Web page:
Pope Benedict XVI, during a speech in Germany, at a university where he used to teach, quoted a 14th-century Byzantine Christian emperor: "He said, I quote, 'Show me just what Muhammad brought that was new, and there you will find things only evil and inhuman, such as his command to spread by the sword the faith he preached.' . . . Violence is incompatible with the nature of God and the nature of the soul. 'God,' the emperor says, 'is not pleased by blood -- and not acting reasonably is contrary to God's nature. Faith is born of the soul, not the body. Whoever would lead someone to faith needs the ability to speak well and to reason properly, without violence and threats.'" And, the pontiff even condemned violent jihad, or "holy war."
Note that the pope, in a very lengthy speech critical of the growing secularization of the West, devoted only three paragraphs to the subject of jihad. Moreover, the pope repeatedly said that those words were not his own. And later, the Vatican said the pope intended only to spark dialogue, and that the emperor's words in no way reflected the thoughts of the pope himself.
How did some adherents to the religion of peace react?
Angry riots, death threats, burning of the pope in effigy, and demands for an apology.
Somali Muslims shot an Italian nun who worked in a Somali hospital. They shot her four times in the back as she left the hospital, and as she lay dying on the ground, she muttered in Italian to her killers, "I forgive, I forgive."
Firebombs were hurled at seven churches during one weekend in the West Bank and Gaza Strip. One group demanded a televised apology, or they would blow up all of Gaza's churches.
As usual, the Council on American-Islamic Relations, a "moderate" pro-Arab organization, condemned the pope's words, but not the violent reaction to them.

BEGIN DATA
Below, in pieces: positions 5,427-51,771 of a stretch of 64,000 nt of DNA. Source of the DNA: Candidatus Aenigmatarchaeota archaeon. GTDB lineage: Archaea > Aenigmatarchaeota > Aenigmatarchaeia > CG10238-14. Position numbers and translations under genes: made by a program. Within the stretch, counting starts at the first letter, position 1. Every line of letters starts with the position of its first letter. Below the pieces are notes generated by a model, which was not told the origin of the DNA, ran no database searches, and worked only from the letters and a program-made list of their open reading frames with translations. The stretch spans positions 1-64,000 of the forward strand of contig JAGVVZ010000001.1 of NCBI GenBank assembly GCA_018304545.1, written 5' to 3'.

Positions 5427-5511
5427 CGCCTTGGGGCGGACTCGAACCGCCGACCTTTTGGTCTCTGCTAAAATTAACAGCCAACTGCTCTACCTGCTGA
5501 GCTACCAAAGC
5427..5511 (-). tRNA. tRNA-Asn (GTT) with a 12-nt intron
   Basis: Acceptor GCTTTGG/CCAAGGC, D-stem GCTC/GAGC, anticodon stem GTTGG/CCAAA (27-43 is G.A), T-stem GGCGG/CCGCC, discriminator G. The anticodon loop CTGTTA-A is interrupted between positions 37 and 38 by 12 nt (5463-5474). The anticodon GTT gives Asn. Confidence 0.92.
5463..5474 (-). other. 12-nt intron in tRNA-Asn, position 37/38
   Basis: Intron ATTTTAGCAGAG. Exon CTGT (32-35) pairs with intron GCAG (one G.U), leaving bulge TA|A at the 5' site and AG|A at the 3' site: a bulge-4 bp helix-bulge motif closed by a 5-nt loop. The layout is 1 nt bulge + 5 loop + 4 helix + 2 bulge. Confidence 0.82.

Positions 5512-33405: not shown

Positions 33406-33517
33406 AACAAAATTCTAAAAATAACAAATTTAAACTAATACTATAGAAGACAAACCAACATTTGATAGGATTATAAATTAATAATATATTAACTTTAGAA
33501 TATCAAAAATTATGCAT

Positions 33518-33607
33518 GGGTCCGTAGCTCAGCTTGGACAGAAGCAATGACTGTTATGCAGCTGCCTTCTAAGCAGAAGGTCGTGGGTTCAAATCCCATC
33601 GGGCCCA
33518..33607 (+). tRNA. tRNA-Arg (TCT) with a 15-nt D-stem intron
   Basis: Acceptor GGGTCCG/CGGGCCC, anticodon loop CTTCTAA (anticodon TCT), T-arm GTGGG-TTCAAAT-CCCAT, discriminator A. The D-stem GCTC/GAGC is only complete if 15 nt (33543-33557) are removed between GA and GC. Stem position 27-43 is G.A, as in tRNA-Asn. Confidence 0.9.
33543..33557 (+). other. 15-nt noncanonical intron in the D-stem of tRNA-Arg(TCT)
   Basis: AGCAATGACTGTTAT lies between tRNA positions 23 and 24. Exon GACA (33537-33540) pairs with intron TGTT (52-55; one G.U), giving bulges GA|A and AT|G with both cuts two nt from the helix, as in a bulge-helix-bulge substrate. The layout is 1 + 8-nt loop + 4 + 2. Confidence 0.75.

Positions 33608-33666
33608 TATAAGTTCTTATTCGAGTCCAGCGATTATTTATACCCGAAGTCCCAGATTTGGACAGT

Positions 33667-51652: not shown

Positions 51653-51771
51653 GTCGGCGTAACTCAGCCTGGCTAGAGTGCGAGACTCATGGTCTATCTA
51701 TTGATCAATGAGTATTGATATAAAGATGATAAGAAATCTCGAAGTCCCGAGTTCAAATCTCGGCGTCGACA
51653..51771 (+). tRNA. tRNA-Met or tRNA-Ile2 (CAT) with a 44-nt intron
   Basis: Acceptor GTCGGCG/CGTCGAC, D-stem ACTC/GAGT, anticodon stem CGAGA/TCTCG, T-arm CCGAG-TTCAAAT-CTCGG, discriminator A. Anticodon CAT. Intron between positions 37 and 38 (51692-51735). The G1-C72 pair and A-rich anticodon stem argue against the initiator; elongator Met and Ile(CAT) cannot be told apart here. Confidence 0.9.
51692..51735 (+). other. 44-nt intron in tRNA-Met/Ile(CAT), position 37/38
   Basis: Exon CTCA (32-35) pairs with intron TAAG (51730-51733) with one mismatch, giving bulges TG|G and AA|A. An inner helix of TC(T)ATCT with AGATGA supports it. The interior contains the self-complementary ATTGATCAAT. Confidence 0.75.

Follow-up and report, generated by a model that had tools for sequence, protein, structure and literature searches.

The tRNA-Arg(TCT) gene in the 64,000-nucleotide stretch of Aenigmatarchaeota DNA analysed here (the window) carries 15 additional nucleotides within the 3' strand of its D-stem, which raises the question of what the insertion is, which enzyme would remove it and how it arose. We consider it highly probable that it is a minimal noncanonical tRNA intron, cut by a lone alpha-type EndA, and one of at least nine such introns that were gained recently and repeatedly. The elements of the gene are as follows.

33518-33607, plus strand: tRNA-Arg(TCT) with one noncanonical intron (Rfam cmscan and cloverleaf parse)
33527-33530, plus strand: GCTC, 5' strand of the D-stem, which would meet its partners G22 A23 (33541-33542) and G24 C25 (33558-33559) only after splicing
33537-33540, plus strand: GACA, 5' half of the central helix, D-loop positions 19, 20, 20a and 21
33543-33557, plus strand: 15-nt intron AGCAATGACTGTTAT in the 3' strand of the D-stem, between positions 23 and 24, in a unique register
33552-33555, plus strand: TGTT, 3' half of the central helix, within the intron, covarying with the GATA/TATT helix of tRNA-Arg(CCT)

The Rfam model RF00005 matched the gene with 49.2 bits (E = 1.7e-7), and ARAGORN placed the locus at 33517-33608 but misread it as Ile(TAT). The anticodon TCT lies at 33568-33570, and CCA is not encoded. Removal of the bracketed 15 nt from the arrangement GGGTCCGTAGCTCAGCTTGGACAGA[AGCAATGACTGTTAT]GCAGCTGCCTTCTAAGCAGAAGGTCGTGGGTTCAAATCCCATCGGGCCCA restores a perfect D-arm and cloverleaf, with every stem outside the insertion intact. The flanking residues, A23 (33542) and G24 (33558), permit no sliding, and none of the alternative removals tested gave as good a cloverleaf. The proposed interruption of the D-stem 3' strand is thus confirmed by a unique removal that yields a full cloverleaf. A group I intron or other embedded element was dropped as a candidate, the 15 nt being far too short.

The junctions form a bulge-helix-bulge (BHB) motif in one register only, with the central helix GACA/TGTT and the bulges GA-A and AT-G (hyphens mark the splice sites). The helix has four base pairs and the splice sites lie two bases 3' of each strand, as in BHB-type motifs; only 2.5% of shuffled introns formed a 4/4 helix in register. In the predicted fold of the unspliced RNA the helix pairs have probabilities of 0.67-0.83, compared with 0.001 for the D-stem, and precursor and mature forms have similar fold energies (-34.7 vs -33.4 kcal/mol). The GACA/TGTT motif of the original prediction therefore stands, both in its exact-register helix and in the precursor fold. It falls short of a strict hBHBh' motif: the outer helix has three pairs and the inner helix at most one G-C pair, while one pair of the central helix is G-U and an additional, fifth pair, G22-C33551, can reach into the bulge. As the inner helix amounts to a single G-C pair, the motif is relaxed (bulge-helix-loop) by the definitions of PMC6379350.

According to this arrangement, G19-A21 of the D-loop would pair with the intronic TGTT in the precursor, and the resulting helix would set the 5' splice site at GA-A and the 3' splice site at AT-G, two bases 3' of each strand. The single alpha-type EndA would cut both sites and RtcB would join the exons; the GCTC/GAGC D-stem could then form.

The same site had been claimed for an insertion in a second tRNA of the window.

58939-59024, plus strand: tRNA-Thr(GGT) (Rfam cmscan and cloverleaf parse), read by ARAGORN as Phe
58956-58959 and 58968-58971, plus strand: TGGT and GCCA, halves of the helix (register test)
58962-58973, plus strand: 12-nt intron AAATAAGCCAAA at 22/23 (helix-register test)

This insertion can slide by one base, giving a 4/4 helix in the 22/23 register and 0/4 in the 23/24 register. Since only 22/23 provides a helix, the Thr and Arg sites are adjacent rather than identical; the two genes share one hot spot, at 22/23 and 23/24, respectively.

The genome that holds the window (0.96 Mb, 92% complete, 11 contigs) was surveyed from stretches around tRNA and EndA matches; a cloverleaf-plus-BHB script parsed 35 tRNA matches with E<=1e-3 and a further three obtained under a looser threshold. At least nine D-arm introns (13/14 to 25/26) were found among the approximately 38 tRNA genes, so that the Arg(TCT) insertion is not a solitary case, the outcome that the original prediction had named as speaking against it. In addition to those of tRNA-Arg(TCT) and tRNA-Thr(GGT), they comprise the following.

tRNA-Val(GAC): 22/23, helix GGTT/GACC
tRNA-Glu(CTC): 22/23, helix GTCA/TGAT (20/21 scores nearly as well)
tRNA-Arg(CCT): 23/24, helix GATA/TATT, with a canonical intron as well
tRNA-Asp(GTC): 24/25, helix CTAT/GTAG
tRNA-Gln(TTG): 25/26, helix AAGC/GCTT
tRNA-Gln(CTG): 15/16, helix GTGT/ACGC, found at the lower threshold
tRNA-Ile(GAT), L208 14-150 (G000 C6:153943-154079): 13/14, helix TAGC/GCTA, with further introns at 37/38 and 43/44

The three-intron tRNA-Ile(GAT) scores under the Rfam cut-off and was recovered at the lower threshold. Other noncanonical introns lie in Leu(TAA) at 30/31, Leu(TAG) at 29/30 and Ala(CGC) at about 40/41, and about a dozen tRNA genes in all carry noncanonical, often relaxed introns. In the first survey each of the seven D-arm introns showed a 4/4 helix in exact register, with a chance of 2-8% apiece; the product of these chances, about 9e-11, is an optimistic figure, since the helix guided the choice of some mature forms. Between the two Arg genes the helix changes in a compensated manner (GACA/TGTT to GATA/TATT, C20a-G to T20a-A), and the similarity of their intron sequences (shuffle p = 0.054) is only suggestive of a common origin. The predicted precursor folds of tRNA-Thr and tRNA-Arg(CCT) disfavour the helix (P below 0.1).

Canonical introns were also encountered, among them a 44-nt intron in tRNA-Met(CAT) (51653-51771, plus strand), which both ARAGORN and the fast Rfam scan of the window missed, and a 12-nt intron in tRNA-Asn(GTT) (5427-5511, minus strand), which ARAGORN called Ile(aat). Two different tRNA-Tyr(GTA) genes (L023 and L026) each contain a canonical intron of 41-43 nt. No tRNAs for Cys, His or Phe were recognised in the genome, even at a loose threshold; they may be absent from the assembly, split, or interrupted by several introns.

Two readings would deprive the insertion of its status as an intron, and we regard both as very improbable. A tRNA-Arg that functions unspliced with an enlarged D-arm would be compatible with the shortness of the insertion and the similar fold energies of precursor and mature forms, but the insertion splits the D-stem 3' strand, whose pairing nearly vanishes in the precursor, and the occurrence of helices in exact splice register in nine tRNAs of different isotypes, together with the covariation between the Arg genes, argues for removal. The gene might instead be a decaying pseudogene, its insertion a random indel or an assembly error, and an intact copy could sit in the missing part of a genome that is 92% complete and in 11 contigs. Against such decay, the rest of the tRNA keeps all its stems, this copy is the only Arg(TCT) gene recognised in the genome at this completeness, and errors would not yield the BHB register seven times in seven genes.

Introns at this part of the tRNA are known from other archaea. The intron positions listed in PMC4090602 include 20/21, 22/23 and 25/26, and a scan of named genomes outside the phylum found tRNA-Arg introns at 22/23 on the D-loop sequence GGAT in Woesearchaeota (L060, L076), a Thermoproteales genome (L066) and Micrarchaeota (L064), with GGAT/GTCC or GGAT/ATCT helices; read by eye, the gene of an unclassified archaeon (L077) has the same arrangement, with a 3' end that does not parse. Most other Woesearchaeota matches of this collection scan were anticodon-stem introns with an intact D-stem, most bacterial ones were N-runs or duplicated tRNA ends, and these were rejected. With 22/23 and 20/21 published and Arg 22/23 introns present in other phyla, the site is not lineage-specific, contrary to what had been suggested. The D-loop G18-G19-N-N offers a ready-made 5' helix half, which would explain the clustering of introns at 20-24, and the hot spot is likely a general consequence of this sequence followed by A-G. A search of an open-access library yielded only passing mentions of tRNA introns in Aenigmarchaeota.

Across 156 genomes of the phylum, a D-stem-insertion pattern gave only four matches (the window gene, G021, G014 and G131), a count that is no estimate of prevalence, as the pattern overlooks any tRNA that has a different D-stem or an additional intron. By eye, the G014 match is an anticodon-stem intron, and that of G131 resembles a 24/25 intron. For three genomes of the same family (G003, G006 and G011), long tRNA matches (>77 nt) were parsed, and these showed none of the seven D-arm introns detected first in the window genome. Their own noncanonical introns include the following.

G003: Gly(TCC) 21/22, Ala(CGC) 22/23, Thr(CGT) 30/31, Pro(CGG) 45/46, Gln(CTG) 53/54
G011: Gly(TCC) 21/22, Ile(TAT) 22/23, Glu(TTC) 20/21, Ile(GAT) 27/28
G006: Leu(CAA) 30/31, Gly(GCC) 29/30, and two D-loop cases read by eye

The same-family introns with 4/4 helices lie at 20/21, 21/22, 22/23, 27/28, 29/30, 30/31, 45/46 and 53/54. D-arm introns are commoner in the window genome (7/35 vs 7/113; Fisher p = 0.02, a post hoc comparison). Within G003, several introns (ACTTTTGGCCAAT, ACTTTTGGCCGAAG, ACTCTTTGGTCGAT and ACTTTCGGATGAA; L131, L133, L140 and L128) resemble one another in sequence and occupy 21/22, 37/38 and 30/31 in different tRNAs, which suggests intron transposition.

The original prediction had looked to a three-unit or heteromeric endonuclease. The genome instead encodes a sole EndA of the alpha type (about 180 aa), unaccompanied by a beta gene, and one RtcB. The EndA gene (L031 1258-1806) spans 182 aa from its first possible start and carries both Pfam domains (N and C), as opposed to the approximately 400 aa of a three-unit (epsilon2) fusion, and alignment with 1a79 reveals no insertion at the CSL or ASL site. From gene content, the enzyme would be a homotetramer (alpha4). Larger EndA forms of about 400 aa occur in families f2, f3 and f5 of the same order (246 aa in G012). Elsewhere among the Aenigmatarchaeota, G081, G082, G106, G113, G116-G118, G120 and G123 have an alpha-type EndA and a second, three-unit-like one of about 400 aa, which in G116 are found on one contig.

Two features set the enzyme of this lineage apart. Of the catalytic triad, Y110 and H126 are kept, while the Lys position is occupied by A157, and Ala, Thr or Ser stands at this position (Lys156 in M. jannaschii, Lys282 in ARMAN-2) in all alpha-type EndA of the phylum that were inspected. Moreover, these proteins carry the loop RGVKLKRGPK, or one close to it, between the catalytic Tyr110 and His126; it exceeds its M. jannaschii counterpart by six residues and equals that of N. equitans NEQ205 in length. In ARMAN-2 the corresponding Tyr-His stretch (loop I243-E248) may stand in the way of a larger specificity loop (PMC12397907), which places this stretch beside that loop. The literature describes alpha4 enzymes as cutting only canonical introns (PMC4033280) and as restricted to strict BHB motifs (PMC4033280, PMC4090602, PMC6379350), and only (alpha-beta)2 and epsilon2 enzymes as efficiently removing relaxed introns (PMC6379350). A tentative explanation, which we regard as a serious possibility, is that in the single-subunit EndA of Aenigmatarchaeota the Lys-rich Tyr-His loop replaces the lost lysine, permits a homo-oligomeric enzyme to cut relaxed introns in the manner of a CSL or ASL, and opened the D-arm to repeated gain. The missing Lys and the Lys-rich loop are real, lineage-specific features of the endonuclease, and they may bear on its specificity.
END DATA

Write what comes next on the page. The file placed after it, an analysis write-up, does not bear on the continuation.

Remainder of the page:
The deputy leader of the Turkish prime minister's party said, "He is going down in history in the same category as leaders such as Hitler and Mussolini."
Al Qaeda in Iraq issued this death threat, "You infidels and despots, we will continue our jihad and never stop until God avails us to chop your necks and raise the fluttering banner of monotheism when God's rule is established governing all people and nations. . . . [The cross-worshipper pope] and the West are doomed. . . . We will break up the cross, spill the liquor and impose the jizya [non-Muslim] tax, then the only thing acceptable is a conversion [to Islam] or [being killed by] the sword."
Following this violent reaction, the pope, at his weekly Angelus blessing this past Sunday, used the word "sorry." Sorry, that is, for the violent reaction to his words. Still, the pope refused to retract his statements. And why should he? After all, the violent reaction proved his point in ways the pope's words never could.
Now, what about stateside? Editorials in two major American newspapers criticized -- the pope! In an editorial chastising the pope for alleged insensitivity, the Los Angeles Times said, "The pope shouldn't be quoting people who call [Islam] 'evil.'" The editorial concluded, " . . . [P]opes need to watch their words when they have political consequences."
Calling the pope a "doctrinal conservative," The New York Times said, " . . . [H]is greatest fear appears to be the loss of a uniform Catholic identity, not exactly the best jumping-off point for tolerance or interfaith dialogue. The world listens carefully to the words of any pope. And it is tragic and dangerous when one sows pain, either deliberately or carelessly." So this is where we are. The people behind the publication of the "offensive" Danish cartoons fear being seen in public, lest they suffer the fate of filmmaker Theo van Gogh. Van Gogh, a descendant of the painter Vincent van Gogh, made a film that criticized Islam's treatment of women. Authorities found him shot and stabbed to death, and a five-page manifesto declaring holy war pinned to his chest with the same knife used to stab him.
An Iranian newspaper recently sponsored a "contest" asking for submissions of anti-Semitic holocaust-denying cartoons. One showed the Statue of Liberty holding a book on the Holocaust in one hand and giving a Nazi-style salute with the other. The reaction? No Jews rioted, no Jews committed kidnappings, no Jews engaged in beheadings. Meanwhile, the web site TheReligionofPeace.com records deadly terror attacks committed by Islamofacists since 9/11/2001. The tally, as of this writing, stands at 5,870.
So there you have it. The West, says the pope, pursues reason without faith -- and Westerners failed to riot. But when the pope accuses Islam of pursuing faith without reason -- Islamofascists demand an apology . . . or else.
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